Holidaymakers have been advised against buying foreign currency online from non FSA-regulated firms following the collapse of Crown Currency Exchange.
It has emerged that the company folded owing £20 million to around 13,000 customers, including some who had been expecting to receive thousands of pounds worth of currency to pay for trips.
Customers of CCE have been told by the administrators MCR that they face little prospect of getting all their money back with just 15p for every pound owed expected to be paid out.
Transactions were not covered by the Consumer Credit Act because the firm used bank transfers rather than taking credit or debit card payments.
At the weekend advice in national newspapers said customers should be wary of buying foreign exchange over the internet and they should use FSA-regulated firms that keep client money in segregated accounts so it can’t be lost.
Rupert Lee-Browne, vice chairman of the UK Monday Transmitters Association, told The Sunday Times: “You should always ask the company where the money is held and only use companies that keep your money in a client or segregated account, as opposed to their main business account.”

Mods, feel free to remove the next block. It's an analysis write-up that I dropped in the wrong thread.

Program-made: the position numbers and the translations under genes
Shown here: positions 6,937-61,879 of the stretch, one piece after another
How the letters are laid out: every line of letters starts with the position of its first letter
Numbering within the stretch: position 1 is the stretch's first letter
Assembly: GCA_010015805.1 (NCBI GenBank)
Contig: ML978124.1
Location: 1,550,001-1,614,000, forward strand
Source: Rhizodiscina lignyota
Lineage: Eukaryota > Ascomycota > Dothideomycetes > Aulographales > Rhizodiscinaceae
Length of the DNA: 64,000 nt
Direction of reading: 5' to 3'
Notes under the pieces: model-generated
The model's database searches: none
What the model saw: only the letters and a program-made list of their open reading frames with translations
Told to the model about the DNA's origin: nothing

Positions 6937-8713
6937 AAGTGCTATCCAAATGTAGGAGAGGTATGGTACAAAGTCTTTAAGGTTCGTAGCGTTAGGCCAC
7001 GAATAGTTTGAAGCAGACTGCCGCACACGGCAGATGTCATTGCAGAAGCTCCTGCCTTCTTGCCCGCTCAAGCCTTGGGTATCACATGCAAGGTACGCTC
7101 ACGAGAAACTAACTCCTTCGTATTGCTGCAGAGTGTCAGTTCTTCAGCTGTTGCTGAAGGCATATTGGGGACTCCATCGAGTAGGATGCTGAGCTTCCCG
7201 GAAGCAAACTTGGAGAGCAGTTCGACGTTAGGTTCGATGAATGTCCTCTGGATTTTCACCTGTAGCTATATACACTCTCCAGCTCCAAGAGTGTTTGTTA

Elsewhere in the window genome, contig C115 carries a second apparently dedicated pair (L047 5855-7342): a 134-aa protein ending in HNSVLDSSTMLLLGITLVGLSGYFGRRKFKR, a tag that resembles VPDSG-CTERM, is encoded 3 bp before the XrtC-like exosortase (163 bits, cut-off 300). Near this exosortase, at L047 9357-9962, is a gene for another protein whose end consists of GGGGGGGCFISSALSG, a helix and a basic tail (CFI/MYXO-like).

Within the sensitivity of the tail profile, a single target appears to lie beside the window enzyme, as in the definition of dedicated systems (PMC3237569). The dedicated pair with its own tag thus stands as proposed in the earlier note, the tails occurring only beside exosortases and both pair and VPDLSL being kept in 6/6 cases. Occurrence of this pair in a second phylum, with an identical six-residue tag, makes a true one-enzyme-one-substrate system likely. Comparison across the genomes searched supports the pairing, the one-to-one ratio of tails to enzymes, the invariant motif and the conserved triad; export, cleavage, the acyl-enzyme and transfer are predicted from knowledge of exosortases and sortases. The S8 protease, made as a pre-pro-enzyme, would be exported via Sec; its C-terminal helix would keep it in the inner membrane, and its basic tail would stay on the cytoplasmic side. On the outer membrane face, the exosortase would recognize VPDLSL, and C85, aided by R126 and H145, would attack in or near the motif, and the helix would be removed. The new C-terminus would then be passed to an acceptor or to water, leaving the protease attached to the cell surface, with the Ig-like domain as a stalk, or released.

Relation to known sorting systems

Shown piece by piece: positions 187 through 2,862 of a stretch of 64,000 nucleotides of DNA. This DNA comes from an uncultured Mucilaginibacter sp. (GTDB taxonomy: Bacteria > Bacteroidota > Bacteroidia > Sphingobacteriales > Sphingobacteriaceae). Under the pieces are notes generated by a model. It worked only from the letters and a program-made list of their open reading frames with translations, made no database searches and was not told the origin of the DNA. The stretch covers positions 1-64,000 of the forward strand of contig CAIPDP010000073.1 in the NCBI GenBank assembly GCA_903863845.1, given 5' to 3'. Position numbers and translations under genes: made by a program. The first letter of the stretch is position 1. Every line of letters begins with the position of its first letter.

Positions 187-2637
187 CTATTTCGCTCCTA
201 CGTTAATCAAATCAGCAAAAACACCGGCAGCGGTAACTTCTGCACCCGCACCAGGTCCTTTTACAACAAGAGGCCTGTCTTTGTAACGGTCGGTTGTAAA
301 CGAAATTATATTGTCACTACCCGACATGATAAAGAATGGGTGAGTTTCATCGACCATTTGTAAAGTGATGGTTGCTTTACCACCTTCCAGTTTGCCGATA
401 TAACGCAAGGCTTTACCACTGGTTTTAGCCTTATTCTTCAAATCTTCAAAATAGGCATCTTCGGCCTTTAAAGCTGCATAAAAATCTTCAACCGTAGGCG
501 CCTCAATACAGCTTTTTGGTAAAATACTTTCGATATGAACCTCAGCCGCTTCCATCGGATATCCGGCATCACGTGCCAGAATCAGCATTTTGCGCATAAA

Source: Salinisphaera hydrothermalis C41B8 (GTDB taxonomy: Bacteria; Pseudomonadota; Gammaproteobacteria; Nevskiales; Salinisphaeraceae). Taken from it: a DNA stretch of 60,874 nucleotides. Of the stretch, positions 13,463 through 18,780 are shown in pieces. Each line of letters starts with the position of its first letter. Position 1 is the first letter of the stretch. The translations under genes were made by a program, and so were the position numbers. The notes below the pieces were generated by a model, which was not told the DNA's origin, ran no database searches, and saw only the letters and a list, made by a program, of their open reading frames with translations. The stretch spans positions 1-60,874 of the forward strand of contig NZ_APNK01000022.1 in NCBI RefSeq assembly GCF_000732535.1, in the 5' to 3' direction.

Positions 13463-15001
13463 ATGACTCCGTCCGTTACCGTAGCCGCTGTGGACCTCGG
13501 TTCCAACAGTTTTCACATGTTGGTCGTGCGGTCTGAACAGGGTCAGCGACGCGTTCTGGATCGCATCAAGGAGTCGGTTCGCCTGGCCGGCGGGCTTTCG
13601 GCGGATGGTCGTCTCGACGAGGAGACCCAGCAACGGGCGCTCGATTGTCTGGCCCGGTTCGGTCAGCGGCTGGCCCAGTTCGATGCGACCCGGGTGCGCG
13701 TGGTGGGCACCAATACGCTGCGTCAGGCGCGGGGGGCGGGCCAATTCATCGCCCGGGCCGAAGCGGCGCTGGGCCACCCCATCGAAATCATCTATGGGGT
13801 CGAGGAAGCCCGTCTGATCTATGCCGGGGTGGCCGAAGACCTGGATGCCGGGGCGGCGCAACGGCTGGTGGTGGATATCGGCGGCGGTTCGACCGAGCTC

Although CCE was registered with the FSA new EU legislation which came in last year means only the actual transfer is regulated, not how the cash was handled once the forex firm had it.
The FSA dealt with CCE as a small payment institution and so it was not required to operate separate client accounts.
CCE, which collapsed last week after telling its bank Barclays that it was insolvent, offered a cut-price pre-order service for foreign exchange of between £300 and £10,000 pre transaction.
It was able to undercut mainstream banks by taking forward risks on the currency it bought. The Treasury has said it would not be appropriate to regulate this area of business because most businesses do not take such risks.